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I have a 12-year-old son, and I've been seriously taking the PEP badges and turning them into a kind of "Permascouts" because he loves earning things. We live two lives, Monday-Friday we live in a small city, my husband and I are academics and we also have 17-year-old twins. We are all into school and performing arts Monday-Friday. Then on the weekends, we go to my mother-in-law's village, an indigenous/agricultural village in the mountains where we are reforesting, planting fruit trees and cactus fruit plants, building a traditional house, and doing all sorts of hard work!. Sometimes my 12-year-old doesn't want to go, he wines, about the hard work, the insect bites, the strong sun, etc. He'd rather spend his weekends playing with the neighbor kids or on his tablet back in the city.  I never really had this problem with the twins, maybe because there are two of them, or maybe it's just their personality differences. But a lot of what we do are actually badges, I just haven't gotten around to organizing use getting them. (I think I need to order the physical book so we can peruse it, also as we live in the semi-arid tropics we need to create special climate-appropriate tasks) Just in case an app developer reads this who wants to do something to infect the minds of the masses--what would be super cool was if the PEP badges were developed into an app similar to inaturalist seek app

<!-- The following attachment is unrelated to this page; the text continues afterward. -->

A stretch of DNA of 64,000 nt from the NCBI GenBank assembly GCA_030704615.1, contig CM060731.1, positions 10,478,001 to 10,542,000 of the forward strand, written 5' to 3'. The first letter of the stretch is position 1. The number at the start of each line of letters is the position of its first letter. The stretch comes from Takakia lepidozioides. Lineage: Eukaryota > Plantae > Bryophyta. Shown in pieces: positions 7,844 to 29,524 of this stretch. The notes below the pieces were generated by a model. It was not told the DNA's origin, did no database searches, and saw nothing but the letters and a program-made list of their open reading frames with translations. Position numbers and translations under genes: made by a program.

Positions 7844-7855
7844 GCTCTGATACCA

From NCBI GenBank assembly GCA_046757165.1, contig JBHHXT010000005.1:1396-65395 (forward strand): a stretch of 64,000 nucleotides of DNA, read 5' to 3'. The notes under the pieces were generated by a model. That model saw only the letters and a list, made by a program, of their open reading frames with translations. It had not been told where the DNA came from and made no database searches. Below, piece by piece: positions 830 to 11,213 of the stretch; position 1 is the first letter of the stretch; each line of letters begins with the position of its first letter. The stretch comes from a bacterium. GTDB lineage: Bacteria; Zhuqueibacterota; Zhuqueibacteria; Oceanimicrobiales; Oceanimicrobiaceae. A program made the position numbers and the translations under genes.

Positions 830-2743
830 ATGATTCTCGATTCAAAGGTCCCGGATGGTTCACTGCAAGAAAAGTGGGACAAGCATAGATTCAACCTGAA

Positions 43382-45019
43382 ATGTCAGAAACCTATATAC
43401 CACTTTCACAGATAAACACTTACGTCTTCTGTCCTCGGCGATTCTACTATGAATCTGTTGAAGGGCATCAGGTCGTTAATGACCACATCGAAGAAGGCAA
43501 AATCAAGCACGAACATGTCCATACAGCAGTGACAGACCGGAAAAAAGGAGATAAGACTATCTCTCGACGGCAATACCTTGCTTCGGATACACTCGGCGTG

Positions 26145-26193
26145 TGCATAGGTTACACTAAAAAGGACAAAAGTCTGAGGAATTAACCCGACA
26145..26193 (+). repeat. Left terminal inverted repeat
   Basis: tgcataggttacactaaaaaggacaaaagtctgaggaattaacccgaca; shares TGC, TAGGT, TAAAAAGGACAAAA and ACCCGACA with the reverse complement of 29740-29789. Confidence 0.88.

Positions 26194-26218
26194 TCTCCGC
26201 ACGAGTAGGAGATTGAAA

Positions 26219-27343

James Sullivan
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Jay Angler wrote:Clearly this project is sponsored by "Big Food". I'm sure the designers would say something like, "someone has to pay for the site" and something like, "you have to make something that will motivate the students", but one of my son's (mid-20's) complaints about modern society is the constant barrage of advertising - much of it subtle but insidious - such as the bottom picture of the instruction page of the link above.

Take away: 1. don't let the kids see that page (I haven't looked at the video, but check it thoroughly).
2. Find something with at least 1 or 2 redeeming characteristics that can be made with this level of solar stove - my first thought was English Muffin cheese melts with harvested fresh herbs like oregano, parsley, basil and chives/garlic chives +/- sliced fresh tomato. All of the herbs mentioned would grow easily in a sunny classroom window - "houseplants with benefits"!

That said - does that site have a similar "home-made basic food dryer"? Can the Pizza box cooker do both with minimal adaptation? Then you could teach the kids to dry those nutritious herbs you're growing on the windowsill!  Even if they're eating a lot of pre-packaged food at home, adding home-grown in healthy soil dried herbs can boost the nutritional value a bunch. Many kids live in a nutritional desert - even small quantities on micro-nutrient dense foods are a step in the right direction.



Thanks Jay that's awesome! A much better overall approach. I definitely have rose coloured glasses on in terms of Solar Cooking. I've been at it for a long time and I'm happy to get any resources to push forward.